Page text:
Rolex Sydney to Hobart Yacht Race - Wild Oats XI develops new strategy

Heading for Hobart: Rolex Sydney Hobart Race record holder, Wild Oats XI, powers her way south in the 2012 Rolex Sydney Hobart race.
Rolex Sydney to Hobart Yacht Race 2013 weather outlook, in just 24 hours, has gone from having the potential to deliver a new race record time for Wild Oats XI, to the opposite - a brutal race, not because of too much wind, but because of the lack of it.

Throughout today the nucleus of the crew of Bob Oatley’s 30-metre supermaxi, Wild Oats XI – the current race record holder – has been developing a new strategy for the 628 nautical miles classic, simply because the weather forecast has changed so dramatically. For much of the time the winds will be soft.

'A record race is out the window on today's forecast,' said yachting meteorologist, Roger Badham, adding that the first yacht to finish could be up to 10 hours outside Wild Oats XI’s current record of 1 day, 18 hours, 23 minutes, 12 seconds.
'The only thing for certain is that the start and finish will be relatively easy,' said Wild Oats XI’s tactician, America’s Cup yachtsman and Olympian, Iain Murray. 'What’s in between will be far from that. It’s going to be bloody tricky – more like mental hell. The race weather forecast for the waters off the Tasmanian coast indicate just one thing – minefield!'

Murray said that the current forecast for those waters meant it would be quite easy for one yacht to sail into a calm and stop while another, just a few miles away, stayed in the breeze and continued south at 20 knots. That could mean a gain for them of 40 nautical miles in just two hours.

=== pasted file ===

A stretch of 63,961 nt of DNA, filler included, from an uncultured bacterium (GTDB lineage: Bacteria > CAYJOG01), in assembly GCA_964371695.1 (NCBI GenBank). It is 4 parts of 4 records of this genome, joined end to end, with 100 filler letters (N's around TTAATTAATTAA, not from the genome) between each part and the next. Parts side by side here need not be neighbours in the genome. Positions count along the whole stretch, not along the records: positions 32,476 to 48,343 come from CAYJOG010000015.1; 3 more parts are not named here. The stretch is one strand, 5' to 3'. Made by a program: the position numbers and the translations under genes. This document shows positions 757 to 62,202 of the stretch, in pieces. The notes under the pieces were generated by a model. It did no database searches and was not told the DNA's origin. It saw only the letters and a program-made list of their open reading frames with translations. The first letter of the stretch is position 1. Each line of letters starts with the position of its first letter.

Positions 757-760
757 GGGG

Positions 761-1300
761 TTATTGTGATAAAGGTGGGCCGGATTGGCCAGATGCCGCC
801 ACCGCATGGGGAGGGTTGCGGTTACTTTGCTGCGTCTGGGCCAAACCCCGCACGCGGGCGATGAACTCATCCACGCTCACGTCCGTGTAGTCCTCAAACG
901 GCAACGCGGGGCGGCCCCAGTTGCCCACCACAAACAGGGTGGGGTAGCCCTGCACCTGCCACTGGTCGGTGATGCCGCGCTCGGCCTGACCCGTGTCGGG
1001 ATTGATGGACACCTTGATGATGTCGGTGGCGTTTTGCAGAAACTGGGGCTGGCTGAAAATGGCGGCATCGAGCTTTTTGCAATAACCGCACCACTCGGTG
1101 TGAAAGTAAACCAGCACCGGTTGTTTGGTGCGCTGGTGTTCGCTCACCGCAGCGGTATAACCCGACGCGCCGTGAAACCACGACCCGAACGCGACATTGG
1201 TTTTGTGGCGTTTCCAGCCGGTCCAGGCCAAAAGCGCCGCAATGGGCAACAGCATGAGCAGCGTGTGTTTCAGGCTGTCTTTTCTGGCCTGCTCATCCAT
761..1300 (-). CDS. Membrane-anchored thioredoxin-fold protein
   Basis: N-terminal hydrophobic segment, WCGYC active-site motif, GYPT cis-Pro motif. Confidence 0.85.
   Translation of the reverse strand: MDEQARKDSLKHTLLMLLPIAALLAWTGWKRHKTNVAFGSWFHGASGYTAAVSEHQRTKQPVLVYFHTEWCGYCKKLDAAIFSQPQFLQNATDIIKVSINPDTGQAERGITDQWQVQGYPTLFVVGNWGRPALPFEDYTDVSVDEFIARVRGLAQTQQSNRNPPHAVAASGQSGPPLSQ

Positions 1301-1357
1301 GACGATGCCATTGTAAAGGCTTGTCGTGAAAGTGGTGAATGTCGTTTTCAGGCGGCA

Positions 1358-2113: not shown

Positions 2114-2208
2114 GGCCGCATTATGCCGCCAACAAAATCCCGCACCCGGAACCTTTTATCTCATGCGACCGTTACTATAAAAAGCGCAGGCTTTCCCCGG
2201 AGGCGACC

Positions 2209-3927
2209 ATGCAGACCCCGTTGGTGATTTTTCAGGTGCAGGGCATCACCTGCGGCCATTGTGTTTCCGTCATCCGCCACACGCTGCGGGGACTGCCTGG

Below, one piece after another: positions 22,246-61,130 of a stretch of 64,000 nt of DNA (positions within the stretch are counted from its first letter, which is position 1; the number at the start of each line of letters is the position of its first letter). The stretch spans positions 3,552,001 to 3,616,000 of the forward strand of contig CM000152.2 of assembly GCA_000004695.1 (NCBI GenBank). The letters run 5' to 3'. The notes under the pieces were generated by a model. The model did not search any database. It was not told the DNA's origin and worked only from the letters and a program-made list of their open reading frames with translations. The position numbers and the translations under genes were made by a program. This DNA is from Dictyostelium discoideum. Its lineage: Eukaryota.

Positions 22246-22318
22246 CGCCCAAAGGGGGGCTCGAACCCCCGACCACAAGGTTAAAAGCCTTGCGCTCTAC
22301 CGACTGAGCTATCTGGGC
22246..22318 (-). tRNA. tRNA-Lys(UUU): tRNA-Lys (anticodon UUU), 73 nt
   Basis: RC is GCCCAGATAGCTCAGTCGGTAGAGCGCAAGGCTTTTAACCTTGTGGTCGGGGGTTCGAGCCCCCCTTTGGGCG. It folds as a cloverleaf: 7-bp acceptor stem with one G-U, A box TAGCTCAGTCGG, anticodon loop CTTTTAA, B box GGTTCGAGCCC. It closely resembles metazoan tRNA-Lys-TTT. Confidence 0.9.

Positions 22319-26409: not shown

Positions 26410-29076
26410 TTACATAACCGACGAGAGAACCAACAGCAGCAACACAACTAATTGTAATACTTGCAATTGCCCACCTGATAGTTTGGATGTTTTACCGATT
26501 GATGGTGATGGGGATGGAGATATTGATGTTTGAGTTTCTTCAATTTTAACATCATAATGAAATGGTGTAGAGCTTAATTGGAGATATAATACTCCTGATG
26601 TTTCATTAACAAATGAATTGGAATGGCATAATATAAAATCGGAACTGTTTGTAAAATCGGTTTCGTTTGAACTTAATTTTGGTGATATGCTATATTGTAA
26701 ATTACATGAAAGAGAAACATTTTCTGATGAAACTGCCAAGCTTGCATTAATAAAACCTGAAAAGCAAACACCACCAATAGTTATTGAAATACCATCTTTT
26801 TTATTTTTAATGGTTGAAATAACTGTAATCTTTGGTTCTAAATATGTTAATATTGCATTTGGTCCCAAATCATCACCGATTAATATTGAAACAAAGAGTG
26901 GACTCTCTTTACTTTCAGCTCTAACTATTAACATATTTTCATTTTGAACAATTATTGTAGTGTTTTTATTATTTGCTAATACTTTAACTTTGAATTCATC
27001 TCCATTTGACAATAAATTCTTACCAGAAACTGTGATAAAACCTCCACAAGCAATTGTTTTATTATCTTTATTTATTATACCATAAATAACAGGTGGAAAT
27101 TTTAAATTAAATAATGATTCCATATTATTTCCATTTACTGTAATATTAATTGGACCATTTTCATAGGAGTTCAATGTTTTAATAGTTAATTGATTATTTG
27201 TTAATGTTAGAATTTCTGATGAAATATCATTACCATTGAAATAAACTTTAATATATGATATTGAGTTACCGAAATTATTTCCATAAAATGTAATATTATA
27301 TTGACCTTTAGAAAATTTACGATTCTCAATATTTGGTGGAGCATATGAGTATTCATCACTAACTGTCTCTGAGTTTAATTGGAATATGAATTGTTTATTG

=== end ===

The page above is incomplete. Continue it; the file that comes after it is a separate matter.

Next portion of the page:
'There is no doubt this year’s race is going to be an enormous mental challenge – much more so than last year’s race,' Murray said. 'We are going to see an extensive variation in sailing conditions, which means it will be a race where you will have to take well calculated risks and string a whole many of them together successfully if you are going to be first to Hobart.'

Murray said that the influence the light winds would had on the big boats become apparent in the current course plot that had been developed for Wild Oats XI. To stay in the best breeze and get to Hobart in the fastest possible time means they will need to sail more than 100 nautical miles to the east of the rhumb line – the straight-line distance between Sydney and Tasman Island, 44 nautical miles from the finish. This looping course will add at least 120 nautical miles to the distance to be sailed, but even so, it is predicted to be the fastest route.

'It’s going to be very difficult when you’re out there to convince yourself you’re doing the right thing because there’s no coming back towards the coast,' Murray explained, 'even if you suddenly realise the yachts inshore have found breeze and are sailing faster.'